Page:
Here is the continuation of the discussion with Stephen Krashen, Professor Emiritus of the University of Southern California.
Stephen Krashen “About teaching basic phonics correctly I assume you mean accurately. I suspect that approximately right rules that work most of the time are OK. With reading, children acquire the more subtle rules. So many children have learned to read this way. Is there any research showing the proper way and demonstrating that it is better? Here is, of course, another Krashen paper you might be interested in: Defending Whole Language: The Limits of Phonics Instruction and the Efficacy of Whole Language Instruction
Luqman Michel: “Thank you Stephen Krashen. When I said correctly I meant 'in a way that is true, factual or appropriate; yes -accurately.'
I am afraid that I cannot agree with your "I suspect that approximately right rules that work most of the time are OK." We must not ignore the kids prone to disengaging from learning to read when they are confused. This is going to be lengthy to explain here. May I please write it in my blog post and give you the link. Please read it with an open mind and then we will be able to reduce illiteracy. I think I will be able to convince you that teaching phonics the way it is done throughout the world is the culprit of illiteracy. You said, "With reading, children acquire the more subtle rules." There should be no argument on this. I concur.
Yes, a majority of children during the 'Whole language' period did learn to read well. Many of them are teachers today. A majority of kids also learn to read today under the phonics method. It is the minority that is my concern. They are mostly smart kids who leave school as illiterates. They read well in Malay but are unable to read in English.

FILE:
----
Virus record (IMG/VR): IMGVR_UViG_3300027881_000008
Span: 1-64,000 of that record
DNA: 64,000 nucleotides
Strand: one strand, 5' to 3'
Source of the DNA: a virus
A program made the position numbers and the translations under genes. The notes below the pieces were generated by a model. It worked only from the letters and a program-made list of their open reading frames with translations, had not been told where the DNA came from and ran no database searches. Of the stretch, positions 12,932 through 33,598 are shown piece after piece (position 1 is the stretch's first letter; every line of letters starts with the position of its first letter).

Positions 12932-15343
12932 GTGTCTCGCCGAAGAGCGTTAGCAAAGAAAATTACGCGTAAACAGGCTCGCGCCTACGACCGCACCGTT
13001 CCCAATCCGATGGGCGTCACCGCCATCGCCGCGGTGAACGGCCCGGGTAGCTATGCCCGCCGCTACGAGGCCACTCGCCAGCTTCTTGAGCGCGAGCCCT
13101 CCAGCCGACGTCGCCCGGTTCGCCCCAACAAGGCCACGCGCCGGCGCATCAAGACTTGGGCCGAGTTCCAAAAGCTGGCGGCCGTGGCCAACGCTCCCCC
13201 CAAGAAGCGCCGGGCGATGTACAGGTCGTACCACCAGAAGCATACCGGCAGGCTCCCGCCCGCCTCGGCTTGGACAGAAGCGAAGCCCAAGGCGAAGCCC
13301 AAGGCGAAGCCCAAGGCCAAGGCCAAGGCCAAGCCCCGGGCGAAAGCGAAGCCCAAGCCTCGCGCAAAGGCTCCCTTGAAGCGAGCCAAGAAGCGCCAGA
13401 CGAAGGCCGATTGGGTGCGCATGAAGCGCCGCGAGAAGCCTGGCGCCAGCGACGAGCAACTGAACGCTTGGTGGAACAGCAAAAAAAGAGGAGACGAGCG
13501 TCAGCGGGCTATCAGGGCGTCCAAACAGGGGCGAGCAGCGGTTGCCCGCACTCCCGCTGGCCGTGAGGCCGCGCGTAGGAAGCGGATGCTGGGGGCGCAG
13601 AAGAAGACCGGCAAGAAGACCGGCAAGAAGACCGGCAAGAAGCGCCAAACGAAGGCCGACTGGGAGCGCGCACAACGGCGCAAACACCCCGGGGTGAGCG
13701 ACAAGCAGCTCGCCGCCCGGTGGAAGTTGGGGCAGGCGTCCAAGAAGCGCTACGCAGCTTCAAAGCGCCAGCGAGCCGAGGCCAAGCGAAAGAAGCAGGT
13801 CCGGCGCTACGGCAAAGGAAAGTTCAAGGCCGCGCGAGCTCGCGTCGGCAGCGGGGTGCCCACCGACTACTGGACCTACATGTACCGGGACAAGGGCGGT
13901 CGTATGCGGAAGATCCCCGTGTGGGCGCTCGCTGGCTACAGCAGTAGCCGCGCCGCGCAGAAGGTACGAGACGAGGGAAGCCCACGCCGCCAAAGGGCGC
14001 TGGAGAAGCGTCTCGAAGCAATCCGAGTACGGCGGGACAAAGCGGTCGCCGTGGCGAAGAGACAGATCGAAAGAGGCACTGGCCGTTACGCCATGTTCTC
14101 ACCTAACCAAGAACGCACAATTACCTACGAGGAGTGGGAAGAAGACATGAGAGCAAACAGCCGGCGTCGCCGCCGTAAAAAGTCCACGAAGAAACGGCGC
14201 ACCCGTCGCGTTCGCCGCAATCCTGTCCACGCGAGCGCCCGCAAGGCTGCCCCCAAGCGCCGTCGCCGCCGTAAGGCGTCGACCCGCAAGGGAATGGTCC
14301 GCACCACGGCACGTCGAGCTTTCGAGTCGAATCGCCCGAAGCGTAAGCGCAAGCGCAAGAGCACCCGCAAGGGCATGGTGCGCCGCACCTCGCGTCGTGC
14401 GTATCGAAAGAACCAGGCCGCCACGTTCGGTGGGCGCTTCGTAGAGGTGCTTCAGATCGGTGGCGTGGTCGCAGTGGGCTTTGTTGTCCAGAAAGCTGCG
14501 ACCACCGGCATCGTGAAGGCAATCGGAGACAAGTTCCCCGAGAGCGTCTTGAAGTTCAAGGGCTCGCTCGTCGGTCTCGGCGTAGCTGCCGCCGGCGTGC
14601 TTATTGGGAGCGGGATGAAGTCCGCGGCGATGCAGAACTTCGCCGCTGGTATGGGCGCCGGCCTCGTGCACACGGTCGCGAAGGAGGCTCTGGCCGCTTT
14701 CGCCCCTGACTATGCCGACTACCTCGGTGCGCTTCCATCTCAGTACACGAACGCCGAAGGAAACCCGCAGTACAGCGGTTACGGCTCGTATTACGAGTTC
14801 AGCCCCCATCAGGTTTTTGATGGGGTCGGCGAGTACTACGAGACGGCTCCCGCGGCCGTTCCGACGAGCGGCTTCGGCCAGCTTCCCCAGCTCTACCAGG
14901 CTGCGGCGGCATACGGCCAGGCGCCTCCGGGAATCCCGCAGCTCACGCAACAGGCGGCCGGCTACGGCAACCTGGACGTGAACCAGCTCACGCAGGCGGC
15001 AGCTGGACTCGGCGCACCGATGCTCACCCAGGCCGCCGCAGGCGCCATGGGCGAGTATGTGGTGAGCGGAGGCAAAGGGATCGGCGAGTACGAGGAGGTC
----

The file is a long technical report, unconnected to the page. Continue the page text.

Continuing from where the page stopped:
Luqman Michel: You said, "...but the song gives ONE pronunciation for each letter. And yes, we can easily find words in which this pronunciation is correct, but we can also find words that give a different pronunciation for some of the letters." (Stephen Krashen).
The vowels carry many different sounds. AND yes, this is yet another problem for kids predisposed to shutting down. Teachers do not tell kids that many of the alphabets in the English language carry more than one sound. Checking from the dictionary the alphabet 'A' has a few different sounds as in the word apple. arm, about, ace, also.
All vowels carry a minimum of three sounds. Most of the consonants also make more than one sound. 'C' as in cat and city. 'G' as in Giraffe, Giant and Grow. But are consonants in the clip above sounded out correctly? The obvious answer is 'NO' and this is the main cause of children not being able to read in English but are able to read in Malay and Mandarin written in Roman/Latin alphabets.
This is an interesting discussion and I am sure we will all be convinced that phonics (sounds of alphabets) taught properly and then listening to lots of stories will improve reading. Kids will be able to read at grade level within a few months of teaching. We will not have to wait for 4 or 6 years as stated by Stephen Krashen.
"I suspect that approximately right rules that work most of the time are OK."
Yes, it works for most of the students, but we should be concerned with the kids predisposed to shutting down. They shut down when taught sounds of alphabets incorrectly.
This guy too like our others 'Gods of education' stops discussions when he has been proven wrong.
He talks about 'Approximate right rules' for sounds of alphabets and now wants to change an axiom into a hypothesis.
"Is there any research showing the proper way and demonstrating that it is better?" (Stephen Krashen)
Is this not akin to asking if there is research to show that eating is to be done via the mouth?
I know for a fact that teaching sounds of alphabets the wrong way definitely causes kids prone to shutting down to disengage from learning to read.
The University of California should do research on what I have discovered more than a decade ago - kids predisposed to shutting down disengage from learning to read because of confusion.
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